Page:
• On your turn, instead of rolling dice, you choose one of your playing cards and put it on the table face up. The number you play is the number whose hexes produce resources this round. Leave that playing card on the table.
  • When your turn comes around again, you’ll play another one of your playing cards. Note that whatever numbers you’ve played before are still face-up on the table, so you can’t play those numbers again.
  • If you decide to play your Ace, this activates the knight/robber just as in regular Settlers rules, with one extra bit: You also get to pick up the playing cards you’ve previously played and put them back in your hand for future use.
  • When you play the Ace, you leave it on the table. When you play a different card next turn, you get your Ace back in your hand (so you can’t play your Ace in back to back turns).
  • Note that, since you choose when to play your Ace, you can know how many cards are in everyone’s hand (including yours) when the knight is activated.
  • Feel free to talk to the other players about which number to play. For instance, you could say, “Hey, if I play my 4, you’ll get two bricks; if I do that, would you trade me one of them for one grain?” Of course, these negotiations aren’t binding, so the person could change their mind after you decide which number to play. (You can use binding negotiations at your table if you prefer.)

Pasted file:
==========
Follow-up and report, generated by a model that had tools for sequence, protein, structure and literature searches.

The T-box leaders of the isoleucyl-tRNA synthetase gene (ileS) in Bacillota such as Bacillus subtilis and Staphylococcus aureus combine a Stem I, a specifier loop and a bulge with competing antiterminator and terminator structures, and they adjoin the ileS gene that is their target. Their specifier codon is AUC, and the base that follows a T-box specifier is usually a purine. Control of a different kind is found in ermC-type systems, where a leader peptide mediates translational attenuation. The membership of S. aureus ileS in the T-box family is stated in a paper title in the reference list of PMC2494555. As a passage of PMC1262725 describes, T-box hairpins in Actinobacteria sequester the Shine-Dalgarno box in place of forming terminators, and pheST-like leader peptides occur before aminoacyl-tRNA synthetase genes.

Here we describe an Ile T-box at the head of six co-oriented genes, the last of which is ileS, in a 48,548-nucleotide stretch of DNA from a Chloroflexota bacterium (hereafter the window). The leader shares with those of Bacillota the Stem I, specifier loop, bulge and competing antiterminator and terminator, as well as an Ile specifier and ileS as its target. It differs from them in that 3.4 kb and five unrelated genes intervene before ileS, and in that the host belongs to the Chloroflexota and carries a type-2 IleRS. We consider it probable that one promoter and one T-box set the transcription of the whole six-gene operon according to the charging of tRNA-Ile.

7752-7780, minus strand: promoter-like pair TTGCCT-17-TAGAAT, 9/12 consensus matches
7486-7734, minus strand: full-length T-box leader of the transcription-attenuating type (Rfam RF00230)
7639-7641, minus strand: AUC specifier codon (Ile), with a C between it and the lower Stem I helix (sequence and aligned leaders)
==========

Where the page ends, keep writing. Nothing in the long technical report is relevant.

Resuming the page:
The one-page PDF contains these rules (condensed) plus number squares you can cut up to use with your Settlers game (I recommend printing on card stock).

Clay Crucible Catan Rules v03

 

So far I’ve found this to be a fun variant for Settlers of Catan. I wouldn’t recommend it for new players, since the extra layer of decision-making makes Clay Crucible Catan a bit harder for people who don’t play games. But for gamers who prefer a bit less randomness in their Settlers game, this variant is a good fit.

Please let me know if you try this variant with your group – I would love to hear about it! You can leave a comment here, or email me at ClayCrucible@gmail.com.

Michael Iachini – Clay Crucible Games

@ClayCrucible on Twitter